Last night, my parents-in-law graciously invited my wife and me to a Syracuse charity event that raises money for the Food Bank of Central New York. Savor Syracuse, as it is called, was held last night at the Hotel Syracuse, an early 20th-Century gem that is no longer functioning as a hotel but serves as a tremendous event venue with a fantastic decor.
The event is simple: local restaurants and other institutions prepared and served food at various stations, and you go around and taste.
We went to this event two years ago and at that point it was heavy on the food and had maybe one or two wineries pouring wines. The rest of the drinks at that event were beer or from wine sales reps who were pushing their client's wines from California, Australia, etc. Basically, there wasn't much going on in the local drink department.
Much to my surprise, when I walked in this year, I saw more wine than food and it was all Finger Lakes wine!
Here before me were wineries like Standing Stone, Lamoreaux Landing, Fulkerson, Heron Hill, Dr. Frank's, Prejean, and several more. It was something akin to a tasting event that was not even labeled as such and so I quickly took advantage of the circumstances and started the rounds.
I was not equipped to take detailed notes, but I'll leave you with some of my overall impressions.
The 2006 rieslings are delicious across the board, no matter if the winery has a reputation of being just okay or the very best of the region. There is just something about the firmness of the rieslings that works, with the mineral structure pushing most of the wines to be Alsatian in style even if the winemaker strived to make them more fruit-forward. This event only proved further the impression I've received that 2006 is a banner year for rieslings.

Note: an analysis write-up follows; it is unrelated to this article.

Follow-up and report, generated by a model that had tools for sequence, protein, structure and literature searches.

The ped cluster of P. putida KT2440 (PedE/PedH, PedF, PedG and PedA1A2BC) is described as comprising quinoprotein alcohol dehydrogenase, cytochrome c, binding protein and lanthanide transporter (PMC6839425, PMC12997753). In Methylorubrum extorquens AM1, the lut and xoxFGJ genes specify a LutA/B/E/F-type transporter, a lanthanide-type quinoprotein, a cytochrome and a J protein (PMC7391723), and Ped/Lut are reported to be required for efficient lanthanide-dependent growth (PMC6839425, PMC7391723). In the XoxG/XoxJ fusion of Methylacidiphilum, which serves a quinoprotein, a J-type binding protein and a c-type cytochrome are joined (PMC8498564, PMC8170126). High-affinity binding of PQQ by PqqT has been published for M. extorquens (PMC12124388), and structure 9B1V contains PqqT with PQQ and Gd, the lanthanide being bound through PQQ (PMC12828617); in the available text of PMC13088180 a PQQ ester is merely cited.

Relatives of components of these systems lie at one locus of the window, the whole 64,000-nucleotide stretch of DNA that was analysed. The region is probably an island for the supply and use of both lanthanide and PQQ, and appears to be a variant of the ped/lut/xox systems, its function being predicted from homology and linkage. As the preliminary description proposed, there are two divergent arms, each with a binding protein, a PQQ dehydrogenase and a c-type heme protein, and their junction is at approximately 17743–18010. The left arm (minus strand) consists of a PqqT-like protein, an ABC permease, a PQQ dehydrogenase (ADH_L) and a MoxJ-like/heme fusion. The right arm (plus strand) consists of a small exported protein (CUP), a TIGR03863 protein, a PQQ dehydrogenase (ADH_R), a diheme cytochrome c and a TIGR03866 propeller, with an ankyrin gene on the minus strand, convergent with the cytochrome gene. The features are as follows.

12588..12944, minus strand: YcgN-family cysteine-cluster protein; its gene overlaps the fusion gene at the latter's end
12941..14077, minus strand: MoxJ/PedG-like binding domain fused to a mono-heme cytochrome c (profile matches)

Some of the reds I tried were decent, but this depended heavily on the vintage. 2005 reds were very acceptable and some were quite good, but the 2006 reds that I tried were all very flat -- drinkable maybe, but not worth an investment. We can all debate later about the qualities of Finger Lakes reds, but it can be said without qualification that the results can swing wildly from one vintage to another even at good wineries.
The very best wine I tried last night was Lamoreaux Landing's 2006 Gewürztraminer. This had all the spice and complexity of a good Gewürztraminer but it was held firm by the same tight mineral structure that also benefits the rieslings from the same vintage. It was a very impressive wine
Standing Stone offered a 2007 riesling, most likely due to the fact that Wine Spectator's recent classification of their 2006 riesling as a "Best Buy" meant that distributors completely raided their storeroom. It's still early, but the 2007 was what I expected: good solid fruit, great taste, but not a lot of backbone. The wine will be a great choice for a year or two from bottling but will not be a long-lived wine like the 2006.
Will the Savor Syracuse event continue to be a wine tasting opportunity in the future? I have no idea, but I took full advantage of it this year. My wife, Kathleen, was especially patient as I ran around tasting wines at an event neither of us expected to be anything but some good eats. We had a fun time and I'm grateful I had the chance to taste so many Finger Lakes wines side-by-side.
(Editor's Note: Jason's wife, Kathleen, is pregnant, so her patience is all the more remarkable.)